What is the proportion of observing a head if I were to toss a fair coin 4 times, 400 times, 40000 times, or 4,000,000 times?
If we were to toss the fair coin 4 times, you wouldn’t be surprised if all 4 times are all heads. If we were to toss the fair coin 4 million times, we would be extremely surprised if all tosses come up to be heads.
Why is this the case? This is because we instinctively believe in the law of large numbers. Colloquially, the law of large number says if we perform the same experiment over and over again, the average of the results will become closer and closer to the truth (the expected value).
Limit theorems such as the law of large numbers are important in analyzing large data sets by machine learning systems.
After conducting a presidential election poll involving 100 Americans, how confident are we in predicting the victory of Trump or Biden?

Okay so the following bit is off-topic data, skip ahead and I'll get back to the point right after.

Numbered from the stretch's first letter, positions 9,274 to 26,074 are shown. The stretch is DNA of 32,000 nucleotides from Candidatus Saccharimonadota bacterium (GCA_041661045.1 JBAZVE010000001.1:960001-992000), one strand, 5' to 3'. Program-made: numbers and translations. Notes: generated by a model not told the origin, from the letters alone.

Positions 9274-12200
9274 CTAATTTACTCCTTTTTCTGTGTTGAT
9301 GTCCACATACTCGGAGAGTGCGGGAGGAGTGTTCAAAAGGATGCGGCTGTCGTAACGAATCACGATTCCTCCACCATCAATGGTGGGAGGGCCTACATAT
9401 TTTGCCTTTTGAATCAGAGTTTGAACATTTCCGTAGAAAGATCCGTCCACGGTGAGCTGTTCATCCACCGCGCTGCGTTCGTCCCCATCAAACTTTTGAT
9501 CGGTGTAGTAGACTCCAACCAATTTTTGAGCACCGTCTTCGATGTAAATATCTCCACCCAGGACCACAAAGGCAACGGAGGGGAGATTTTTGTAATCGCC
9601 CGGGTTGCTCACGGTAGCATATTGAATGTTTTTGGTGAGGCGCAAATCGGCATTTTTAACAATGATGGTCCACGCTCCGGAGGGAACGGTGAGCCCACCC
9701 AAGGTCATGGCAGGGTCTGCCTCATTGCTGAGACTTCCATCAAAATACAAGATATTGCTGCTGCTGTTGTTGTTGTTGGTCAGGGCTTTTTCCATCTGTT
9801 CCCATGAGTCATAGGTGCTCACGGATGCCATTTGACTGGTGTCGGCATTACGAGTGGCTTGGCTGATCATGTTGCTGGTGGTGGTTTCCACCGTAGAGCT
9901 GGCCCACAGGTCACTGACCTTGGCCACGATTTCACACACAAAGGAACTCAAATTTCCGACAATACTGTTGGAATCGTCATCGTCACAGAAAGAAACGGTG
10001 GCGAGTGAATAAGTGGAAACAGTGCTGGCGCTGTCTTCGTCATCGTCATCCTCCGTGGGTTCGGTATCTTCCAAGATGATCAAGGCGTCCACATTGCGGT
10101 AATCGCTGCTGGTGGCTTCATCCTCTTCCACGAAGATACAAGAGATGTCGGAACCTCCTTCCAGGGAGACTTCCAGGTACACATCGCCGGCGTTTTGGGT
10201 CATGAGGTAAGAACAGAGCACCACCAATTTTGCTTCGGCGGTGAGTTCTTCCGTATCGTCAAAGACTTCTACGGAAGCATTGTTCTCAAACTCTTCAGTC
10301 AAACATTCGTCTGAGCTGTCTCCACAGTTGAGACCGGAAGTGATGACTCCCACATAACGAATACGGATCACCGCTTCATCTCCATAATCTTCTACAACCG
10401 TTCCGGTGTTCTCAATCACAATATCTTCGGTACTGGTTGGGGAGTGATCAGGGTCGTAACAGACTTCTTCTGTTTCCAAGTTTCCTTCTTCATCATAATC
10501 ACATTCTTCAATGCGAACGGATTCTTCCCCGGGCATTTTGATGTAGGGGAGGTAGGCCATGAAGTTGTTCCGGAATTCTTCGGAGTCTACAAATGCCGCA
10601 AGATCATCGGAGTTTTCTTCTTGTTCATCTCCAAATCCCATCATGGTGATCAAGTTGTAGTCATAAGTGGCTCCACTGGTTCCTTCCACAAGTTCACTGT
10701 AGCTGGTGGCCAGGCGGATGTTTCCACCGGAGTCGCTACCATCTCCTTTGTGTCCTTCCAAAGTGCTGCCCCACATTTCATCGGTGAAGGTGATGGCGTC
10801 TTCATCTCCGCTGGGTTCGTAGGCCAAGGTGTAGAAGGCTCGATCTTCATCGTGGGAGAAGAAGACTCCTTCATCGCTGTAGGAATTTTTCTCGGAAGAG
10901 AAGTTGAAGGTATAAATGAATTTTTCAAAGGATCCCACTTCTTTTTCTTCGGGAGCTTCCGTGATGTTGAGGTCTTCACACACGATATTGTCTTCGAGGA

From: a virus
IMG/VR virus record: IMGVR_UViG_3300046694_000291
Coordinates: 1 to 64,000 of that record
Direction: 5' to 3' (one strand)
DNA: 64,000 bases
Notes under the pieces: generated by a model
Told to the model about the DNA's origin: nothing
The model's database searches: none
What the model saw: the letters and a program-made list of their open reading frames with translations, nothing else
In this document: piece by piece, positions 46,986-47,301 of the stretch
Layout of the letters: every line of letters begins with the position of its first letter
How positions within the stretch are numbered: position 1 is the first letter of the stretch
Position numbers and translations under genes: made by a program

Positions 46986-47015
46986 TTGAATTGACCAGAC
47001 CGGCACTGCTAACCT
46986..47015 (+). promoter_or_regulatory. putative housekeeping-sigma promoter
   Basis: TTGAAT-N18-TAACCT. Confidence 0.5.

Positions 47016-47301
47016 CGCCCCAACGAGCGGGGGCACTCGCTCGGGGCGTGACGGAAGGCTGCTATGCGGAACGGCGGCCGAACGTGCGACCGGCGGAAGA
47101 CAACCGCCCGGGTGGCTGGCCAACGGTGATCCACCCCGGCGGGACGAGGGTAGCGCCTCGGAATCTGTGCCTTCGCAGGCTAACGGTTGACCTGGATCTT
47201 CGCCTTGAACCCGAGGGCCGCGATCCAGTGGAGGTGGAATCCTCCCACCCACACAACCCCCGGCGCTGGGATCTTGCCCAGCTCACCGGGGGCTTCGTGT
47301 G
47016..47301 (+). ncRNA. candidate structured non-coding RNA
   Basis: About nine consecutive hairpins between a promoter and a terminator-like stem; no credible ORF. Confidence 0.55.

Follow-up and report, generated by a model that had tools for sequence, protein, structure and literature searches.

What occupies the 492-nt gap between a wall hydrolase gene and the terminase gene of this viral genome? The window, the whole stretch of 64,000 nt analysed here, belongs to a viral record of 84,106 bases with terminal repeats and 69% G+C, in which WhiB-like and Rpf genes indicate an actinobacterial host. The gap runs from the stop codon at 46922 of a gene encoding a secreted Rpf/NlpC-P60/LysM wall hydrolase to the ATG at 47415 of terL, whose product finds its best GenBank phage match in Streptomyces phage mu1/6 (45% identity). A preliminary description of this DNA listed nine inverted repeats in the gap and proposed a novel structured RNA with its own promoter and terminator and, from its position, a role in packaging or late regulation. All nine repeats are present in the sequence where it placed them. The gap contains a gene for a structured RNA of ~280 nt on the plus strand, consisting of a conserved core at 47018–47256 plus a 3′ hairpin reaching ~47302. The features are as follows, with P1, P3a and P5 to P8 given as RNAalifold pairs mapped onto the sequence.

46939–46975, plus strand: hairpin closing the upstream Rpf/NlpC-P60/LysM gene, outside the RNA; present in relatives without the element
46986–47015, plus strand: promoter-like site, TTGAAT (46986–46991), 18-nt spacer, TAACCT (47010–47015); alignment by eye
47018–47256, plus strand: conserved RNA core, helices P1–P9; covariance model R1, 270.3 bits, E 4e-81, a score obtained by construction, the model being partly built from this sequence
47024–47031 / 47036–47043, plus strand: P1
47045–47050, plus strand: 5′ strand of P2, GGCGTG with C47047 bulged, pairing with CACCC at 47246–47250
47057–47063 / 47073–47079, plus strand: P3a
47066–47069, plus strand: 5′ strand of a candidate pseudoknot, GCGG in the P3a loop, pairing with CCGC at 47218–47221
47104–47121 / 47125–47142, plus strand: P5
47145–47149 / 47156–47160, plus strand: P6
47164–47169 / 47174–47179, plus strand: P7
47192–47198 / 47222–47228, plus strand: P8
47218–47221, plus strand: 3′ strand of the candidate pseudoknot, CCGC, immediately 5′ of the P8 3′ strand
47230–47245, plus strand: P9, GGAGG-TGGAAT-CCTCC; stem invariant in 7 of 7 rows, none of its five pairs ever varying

This would depends on concepts like p-value and confidence intervals, both of which are crucial parts of classical statistics that are commonplace in data science interviews.
Why is Probability Important to Data Science?
Probability is the bedfellow of statistics
The field of data science often leverages statistical tools to make inferences or predictions. To understand such statistical tools thoroughly, one needs to build a strong foundation in probability.
For instance, a data scientist in Facebook may need to plan an A/B test Facebook users to determine if a user clicks on a new button. In the planning of the experiment, one needs to form hypotheses and draw up an appropriate sampling plan before running the experiment. A data scientist must understand probability concepts before making a proper sampling plan. Only then can statistically significant inference be made about Facebook users in general.
Probability forms the foundation of machine learning
Moreover, unbeknownst to many aspiring data scientists, the concept of probability is also important in mastering concepts machine learning. Many machine learning models are built on the assumption that the data follows a particular type of distribution.